In 1980, a German car maker, Audi, at that time not noted for their interest in rallying, introduced a rather large and heavy coupé version of their family saloon, installed a turbocharged 2.1 litre five-cylinder engine, and fitted it with four-wheel drive. Thus the Audi Quattro was born. International regulations had prohibited four-wheel drive; but FISA accepted that this was a genuine production car, and changed the rules. The Quattro quickly became the car to beat on snow, ice or gravel; and in 1983 took Hannu Mikkola to the World Rally Championship title. Other manufacturers had no production four-wheel drive car on which to base their response, so FISA was persuaded to change the rules, and open the Championship to cars in Group B. This allowed cars to be much further removed from production models, and so was created a generation of rallying supercars, of which the most radical and impressive were the Peugeot 205 T16, Renault 5 Turbo and the Lancia Delta S4, with flimsy fibreglass bodies roughly the shape of the standard car tacked onto lightweight spaceframe chassis, four-wheel drive, and power outputs reportedly as high as 600 hp (450 kW). Further Group B cars were developed by Ford (the RS200), British Leyland (the Metro 6R4) and many others, but these were less successful.
McRae, made his debut on the gruelling Dakar Rally Raid with Nissan in January 2004, and impressed the team by scoring two stage wins on his way to a memorable finish on the gruelling Sahara event. He returned to the Dakar in 2005 and was fastest on two of the first three stages in Morocco, before crashing out of the rally towards the end of stage six.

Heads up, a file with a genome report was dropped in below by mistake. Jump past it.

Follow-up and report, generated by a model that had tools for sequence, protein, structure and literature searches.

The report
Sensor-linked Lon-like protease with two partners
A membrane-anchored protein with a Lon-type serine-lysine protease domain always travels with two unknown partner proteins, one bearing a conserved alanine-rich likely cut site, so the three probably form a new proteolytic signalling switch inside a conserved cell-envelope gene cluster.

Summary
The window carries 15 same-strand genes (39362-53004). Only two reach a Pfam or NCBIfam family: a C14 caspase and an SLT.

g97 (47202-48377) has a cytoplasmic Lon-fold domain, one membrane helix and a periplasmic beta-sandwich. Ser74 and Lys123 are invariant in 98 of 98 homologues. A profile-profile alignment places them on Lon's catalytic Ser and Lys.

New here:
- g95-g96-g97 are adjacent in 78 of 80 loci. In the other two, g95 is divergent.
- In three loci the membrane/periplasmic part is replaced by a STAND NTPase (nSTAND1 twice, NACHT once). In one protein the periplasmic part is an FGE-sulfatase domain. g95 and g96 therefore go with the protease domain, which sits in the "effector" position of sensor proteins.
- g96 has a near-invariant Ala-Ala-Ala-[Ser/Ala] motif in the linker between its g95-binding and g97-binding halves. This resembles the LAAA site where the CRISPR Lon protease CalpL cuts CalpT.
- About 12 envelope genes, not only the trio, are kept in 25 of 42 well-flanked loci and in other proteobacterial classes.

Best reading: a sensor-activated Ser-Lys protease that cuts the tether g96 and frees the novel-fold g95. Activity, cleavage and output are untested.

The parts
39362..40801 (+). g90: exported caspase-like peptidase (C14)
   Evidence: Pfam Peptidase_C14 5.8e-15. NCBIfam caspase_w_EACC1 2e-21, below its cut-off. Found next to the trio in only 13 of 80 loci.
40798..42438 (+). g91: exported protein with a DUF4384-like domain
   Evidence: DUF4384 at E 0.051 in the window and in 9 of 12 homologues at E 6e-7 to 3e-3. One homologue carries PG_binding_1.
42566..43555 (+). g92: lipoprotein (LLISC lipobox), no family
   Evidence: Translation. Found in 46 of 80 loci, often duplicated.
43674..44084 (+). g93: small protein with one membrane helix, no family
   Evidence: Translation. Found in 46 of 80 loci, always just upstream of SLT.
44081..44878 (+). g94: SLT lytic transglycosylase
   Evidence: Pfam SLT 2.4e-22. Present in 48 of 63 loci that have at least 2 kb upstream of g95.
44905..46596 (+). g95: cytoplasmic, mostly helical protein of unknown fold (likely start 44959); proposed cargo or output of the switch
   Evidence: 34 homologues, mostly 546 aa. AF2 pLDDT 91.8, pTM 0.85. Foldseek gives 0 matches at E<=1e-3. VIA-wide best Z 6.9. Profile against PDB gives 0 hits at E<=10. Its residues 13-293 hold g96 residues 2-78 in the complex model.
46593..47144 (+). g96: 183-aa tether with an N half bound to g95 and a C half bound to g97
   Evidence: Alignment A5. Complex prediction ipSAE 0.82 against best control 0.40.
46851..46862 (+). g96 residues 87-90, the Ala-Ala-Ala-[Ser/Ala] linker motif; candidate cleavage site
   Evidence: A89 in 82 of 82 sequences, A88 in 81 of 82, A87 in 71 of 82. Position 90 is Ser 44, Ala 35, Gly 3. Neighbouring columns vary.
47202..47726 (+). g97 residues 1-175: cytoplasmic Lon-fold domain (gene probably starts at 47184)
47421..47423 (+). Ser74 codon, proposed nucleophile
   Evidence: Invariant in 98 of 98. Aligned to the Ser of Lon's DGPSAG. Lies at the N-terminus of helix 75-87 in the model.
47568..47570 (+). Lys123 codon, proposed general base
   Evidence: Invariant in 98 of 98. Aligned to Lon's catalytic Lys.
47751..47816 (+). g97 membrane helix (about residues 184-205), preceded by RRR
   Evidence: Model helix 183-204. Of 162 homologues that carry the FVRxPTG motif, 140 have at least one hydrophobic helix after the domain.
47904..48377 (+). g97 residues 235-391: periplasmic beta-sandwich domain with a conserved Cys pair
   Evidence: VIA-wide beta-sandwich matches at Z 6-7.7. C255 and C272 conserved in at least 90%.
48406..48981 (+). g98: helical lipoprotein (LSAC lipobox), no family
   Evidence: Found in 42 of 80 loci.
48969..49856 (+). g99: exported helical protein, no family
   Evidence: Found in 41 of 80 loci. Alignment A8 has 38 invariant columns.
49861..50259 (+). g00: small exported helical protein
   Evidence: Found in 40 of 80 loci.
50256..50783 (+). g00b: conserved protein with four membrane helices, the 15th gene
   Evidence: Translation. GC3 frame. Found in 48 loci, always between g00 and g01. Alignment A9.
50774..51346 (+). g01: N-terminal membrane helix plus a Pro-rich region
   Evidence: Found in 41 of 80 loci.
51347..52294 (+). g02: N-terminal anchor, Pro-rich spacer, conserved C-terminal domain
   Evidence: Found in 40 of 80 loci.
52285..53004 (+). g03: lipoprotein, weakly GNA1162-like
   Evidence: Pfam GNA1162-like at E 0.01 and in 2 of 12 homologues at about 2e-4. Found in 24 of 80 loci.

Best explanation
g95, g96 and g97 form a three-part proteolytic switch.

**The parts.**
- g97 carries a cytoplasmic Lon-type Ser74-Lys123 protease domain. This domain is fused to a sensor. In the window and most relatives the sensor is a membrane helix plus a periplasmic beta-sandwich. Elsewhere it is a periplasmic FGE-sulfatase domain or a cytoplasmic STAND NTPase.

Porsche 911s have appeared in rally competition since the beginning of their production, but rally 911s haven't been a common sight since the 1980s. Thankfully R-GT fixed that, allowing the 996 and 997 GT3 to be homologated for rally. UK dealer Tuthill Porsche campaigns a 997 GT3 Cup in the World Rally Championship and its's exactly as great as you think it is.
The second game in the series, and it features the works-entered cars and the rallies of the 2000 World Rally Championship. There are 3 difficulty levels, namely Novice, Intermediate and Expert. New features include Arcade mode, with direct head-to-head competition against AI drivers or another player, and a cleaner and more minimalistic menu system, which would be retained for the rest of the series until the release of Dirt 2 in 2009. The game was a bestseller in the UK,[77] and again later in the year.[78] A version for the iOS was released in June 2013.[79][80] IGN gave it a score of very high 9.4/10.